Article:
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Months after suffering serious injuries in a car crash in Southern California, golfing legend Tiger Woods said he does not expect to play the sport full-time ever again.

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“It’s an unfortunate reality, but it’s my reality,” Woods said in an interview with Golf Digest. “I understand it, and I accept it.”

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Speaking with the magazine for his first in-depth interview since the February crash in Los Angeles County left him with shattered tibia and fibula bones in his right leg, Woods said he would likely “pick and choose a few events a year” to play.

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“I don’t have to compete and play against the best players in the world to have a great life,” he said, according to Golf Digest. “After my back fusion, I had to climb Mt. Everest one more time. I had to do it, and I did. This time around, I don’t think I’ll have the body to climb Mt. Everest, and that’s OK. I can still participate in the game of golf. I can still, if my leg gets OK, I can still click off a tournament here or there.”

Woods has spent months recovering after authorities said he lost control of a 2021 Genesis GV80 and wrecked on Feb. 23. He told Golf Digest that his recovery has been frustrating, as he expected it to progress much quicker than it has, and that he thought at one point he might not be able to keep his injured leg. He said it was particularly rewarding when, after spending months recovering in bed at his home, then being confined to a wheelchair, he was able to use crutches and regain his independence.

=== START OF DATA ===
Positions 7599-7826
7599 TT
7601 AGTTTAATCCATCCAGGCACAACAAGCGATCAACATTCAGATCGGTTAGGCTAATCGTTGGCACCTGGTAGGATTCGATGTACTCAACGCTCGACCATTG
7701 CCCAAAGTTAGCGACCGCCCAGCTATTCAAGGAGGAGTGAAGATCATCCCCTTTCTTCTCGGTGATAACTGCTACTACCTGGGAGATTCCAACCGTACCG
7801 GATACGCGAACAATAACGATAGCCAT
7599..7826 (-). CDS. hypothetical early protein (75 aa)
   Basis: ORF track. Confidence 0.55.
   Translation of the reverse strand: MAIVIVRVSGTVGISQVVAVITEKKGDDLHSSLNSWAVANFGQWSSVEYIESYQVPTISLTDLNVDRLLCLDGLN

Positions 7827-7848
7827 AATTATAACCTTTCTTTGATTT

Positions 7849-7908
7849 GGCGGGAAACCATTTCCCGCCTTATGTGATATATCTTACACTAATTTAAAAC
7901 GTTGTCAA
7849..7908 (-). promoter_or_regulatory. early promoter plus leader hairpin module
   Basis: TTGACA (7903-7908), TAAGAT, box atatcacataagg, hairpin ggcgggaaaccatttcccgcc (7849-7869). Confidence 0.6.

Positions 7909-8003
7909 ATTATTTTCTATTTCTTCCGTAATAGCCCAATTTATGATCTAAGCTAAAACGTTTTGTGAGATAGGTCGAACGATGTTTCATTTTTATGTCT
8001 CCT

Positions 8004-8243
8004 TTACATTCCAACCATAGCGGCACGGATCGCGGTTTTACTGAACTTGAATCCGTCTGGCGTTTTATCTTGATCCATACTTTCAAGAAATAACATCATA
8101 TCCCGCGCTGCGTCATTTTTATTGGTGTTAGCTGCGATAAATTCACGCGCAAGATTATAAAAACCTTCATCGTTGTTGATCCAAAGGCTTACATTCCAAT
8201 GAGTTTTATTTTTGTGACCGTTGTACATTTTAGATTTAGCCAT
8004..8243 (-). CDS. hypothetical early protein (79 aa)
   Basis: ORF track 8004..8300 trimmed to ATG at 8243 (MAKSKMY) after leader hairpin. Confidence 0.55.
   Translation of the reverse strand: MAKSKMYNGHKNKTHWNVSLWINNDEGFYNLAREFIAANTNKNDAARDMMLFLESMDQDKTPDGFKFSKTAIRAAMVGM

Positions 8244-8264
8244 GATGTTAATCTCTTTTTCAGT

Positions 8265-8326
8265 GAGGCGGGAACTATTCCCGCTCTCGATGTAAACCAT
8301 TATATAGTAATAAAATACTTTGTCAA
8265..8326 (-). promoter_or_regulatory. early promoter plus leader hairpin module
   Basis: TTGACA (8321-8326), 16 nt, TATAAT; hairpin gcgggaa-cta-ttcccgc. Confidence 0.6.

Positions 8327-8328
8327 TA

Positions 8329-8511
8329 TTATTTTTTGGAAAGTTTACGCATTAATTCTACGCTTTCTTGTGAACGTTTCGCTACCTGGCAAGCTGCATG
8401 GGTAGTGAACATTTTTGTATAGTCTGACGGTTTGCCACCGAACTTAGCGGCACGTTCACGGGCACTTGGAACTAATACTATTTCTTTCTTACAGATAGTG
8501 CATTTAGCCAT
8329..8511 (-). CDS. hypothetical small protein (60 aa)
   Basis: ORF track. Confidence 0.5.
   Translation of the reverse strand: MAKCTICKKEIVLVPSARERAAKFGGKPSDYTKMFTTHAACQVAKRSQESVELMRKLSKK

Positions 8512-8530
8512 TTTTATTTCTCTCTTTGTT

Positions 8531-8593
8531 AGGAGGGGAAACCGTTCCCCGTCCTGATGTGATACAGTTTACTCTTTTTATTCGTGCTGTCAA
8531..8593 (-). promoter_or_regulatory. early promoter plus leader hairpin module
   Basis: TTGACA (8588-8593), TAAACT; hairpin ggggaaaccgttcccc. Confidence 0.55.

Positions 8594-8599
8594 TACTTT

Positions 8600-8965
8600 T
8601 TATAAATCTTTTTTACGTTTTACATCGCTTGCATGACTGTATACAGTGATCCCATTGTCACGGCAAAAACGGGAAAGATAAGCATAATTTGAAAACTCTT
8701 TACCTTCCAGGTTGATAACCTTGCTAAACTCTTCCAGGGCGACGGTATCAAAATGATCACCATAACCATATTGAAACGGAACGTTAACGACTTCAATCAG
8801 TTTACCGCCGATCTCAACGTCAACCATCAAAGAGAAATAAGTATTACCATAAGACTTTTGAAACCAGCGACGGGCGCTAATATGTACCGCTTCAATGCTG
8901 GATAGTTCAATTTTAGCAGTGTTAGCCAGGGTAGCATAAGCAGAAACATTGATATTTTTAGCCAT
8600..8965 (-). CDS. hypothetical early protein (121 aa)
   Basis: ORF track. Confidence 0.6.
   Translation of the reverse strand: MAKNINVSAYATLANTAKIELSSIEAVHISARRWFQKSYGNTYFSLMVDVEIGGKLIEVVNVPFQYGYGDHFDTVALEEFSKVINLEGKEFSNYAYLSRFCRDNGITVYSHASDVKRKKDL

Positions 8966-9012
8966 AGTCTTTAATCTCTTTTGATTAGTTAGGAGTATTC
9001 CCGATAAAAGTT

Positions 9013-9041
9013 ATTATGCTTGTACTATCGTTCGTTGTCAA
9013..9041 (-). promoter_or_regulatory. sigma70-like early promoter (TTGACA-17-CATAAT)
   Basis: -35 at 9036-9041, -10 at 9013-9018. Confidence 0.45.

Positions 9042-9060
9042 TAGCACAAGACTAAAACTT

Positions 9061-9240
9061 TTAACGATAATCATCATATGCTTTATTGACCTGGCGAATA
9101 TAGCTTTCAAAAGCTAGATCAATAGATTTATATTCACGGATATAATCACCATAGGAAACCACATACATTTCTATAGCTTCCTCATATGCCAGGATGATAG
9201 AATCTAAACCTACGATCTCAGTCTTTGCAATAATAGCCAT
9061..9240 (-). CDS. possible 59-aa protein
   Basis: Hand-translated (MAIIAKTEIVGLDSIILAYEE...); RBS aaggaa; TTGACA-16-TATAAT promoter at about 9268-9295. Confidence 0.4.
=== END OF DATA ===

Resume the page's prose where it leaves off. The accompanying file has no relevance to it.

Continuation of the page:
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“I hadn’t been able to do the one thing I love to do: I love to go outside and just be outside,” he told Golf Digest. “Sometimes I just crutch and lay on the grass for an hour because I want to be outside.”

Last week, Woods posted a video of himself swinging a golf club on social media with the caption, “Making progress.” He told Golf Digest, however, that he has a long way to go before he can compete on the PGA Tour again.

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“I’m not even at the halfway point,” he said. “I have so much more muscle development and nerve development that I have to do in my leg. At the same time, as you know, I’ve had five back operations. So I’m having to deal with that. So as the leg gets stronger, sometimes the back may act up. … It’s a tough road.”

Woods, a 15-time major champion, last played in the PNC Championship with his son, Charlie, in December 2020. Woods is tied with Sam Snead for the most victories in PGA Tour history at 82 wins.